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Make or break poll for Uddhav Thackeray

Wednesday, 9 April 2014 - 7:20am IST | Place: Mumbai | Agency: dna

The coming Lok Sabha elections will have a major bearing on the political career of Shiv Sena chief Uddhav Thackeray (53). This is the first major political challenge he is facing after the death of his father Bal Thackeray, who died in November, 2012.

For a person who has always lived in overawe of his father, Uddhav is today leading his party into the poll battlefield with steely determination. Many of his critics, including his arch rival Raj Thackeray, felt that after the demise of Bal Thackeray, who led the militant organisation for over four decades, Uddhav will not be able to keep the party together. But, Uddhav has proved them wrong.

The defections are marginal and the Sena as a whole is in tact. For good measure, he has started grooming his son, Aditya, who is connecting with young voters, specially in urban areas. One of the main reasons for Uddhav's firm grip over the party is his selection of hardcore loyalists as vibhag pramukhs and sampark pramukhs. He has also built up a second line of command which includes Eknath Shinde, the strongman of Thane. He is also in constant communication with the cadres.

Uddhav has set up a war room which comprises close aides like Diwakar Raote, Anil Desai, Sanjay Raut, editor of Sena mouthpiece Saamna and Milind Narvekar, his trusted aide of several years who are working out the logistics and tactics of the campaign. Uddhav himself is extensively campaigning throughout the state despite the fact that several stents have been implanted in him following a cardiac problem.

Apart from confronting the ruling Congress-Nationalist Congress Party (NCP) alliance, Uddhav also has to constantly field the barbs hurled at him by Raj, who heads the Maharashtra Navnirman Sena (MNS).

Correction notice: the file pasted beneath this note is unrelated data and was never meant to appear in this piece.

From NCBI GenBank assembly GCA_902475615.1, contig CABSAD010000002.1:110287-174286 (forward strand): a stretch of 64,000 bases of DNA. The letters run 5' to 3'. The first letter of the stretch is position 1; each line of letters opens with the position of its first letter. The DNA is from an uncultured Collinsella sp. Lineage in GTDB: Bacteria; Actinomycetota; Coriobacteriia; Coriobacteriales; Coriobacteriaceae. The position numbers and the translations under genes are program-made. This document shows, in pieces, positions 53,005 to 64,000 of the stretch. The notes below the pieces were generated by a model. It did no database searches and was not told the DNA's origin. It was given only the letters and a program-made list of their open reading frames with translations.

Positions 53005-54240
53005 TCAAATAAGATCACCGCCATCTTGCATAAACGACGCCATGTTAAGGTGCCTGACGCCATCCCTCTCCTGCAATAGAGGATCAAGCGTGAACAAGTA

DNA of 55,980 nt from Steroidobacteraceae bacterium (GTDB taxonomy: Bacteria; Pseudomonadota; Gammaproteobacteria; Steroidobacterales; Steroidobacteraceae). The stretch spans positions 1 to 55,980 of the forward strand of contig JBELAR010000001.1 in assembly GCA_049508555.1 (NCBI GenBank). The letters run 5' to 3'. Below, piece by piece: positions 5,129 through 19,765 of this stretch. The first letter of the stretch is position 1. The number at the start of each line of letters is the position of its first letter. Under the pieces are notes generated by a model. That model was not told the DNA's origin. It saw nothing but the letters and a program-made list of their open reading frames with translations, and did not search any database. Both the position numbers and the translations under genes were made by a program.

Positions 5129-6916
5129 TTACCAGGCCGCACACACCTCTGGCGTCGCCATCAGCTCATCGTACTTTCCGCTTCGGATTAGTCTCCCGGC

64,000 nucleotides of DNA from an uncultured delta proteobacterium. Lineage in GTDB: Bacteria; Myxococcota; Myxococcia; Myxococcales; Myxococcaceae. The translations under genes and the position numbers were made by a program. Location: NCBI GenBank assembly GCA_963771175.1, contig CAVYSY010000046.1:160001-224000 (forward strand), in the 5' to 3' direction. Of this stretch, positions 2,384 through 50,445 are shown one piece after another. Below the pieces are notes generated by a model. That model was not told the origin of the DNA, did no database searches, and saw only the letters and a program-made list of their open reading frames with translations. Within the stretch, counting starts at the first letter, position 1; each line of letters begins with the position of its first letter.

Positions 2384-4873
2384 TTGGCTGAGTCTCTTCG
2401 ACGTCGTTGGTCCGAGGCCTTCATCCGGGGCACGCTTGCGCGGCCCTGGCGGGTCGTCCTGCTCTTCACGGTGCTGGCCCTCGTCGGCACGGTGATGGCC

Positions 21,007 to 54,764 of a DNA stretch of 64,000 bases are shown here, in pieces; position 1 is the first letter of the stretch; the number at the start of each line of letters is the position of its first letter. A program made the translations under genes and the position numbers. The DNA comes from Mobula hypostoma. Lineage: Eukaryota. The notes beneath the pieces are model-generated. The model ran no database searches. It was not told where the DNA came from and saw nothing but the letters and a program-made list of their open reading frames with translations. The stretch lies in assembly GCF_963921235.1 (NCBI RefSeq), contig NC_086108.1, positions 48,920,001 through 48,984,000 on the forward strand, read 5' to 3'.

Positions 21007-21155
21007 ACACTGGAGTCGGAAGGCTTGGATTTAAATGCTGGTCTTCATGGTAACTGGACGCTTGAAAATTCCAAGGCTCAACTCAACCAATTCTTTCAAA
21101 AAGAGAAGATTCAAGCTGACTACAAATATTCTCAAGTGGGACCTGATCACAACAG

The fight between the cousins had become extremely personal with Raj accusing Uddhav of feeding an ailing Bal Thackeray only batata wadas while he (Raj) used to send hot chicken soup to his uncle residing at Matoshree bungalow in Bandra. "Fully knowing that the MNS is trying to divert his attention away from the ruling alliance, Uddhav has declared that he will not respond to any of the charges, but has challenged Raj to a public debate after the elections are over," Raote observed.

Raj has mostly fielded his candidates against Sena nominees and hardly any against the BJP which makes his intention clear. And the intention is to ensure the defeat of Sena nominees so that the poll outcome adversely impacts on Uddhav. Ironically, Raj's cold tactics has only made Uddhav and his team more determined to outsmart Raj. Raj supporters like Shishir Shinde, however, say that the Sena will perform poorly because of Uddhav's "weak leadership."

Uddhav also faced a major hurdle when senior BJP leader Nitin Gadkari openly flirted with Raj. The alliance between the Sena and the BJP almost reached the brink. Instead of confronting Gadkari, Uddhav quietly bypassed him and successfully sought the intervention of BJP president Raj Nath Singh, who stated categorically that the BJP will not have any truck with the MNS. Uddhav is aware that successful performance in the Lok Sabha polls will help him majorly in the assembly polls which is almost around the corner. "Victory in the polls will be the best tribute to my father who wanted to see the saffron flag atop Parliament and Vidhan Bhavan," Uddhav says wistfully.




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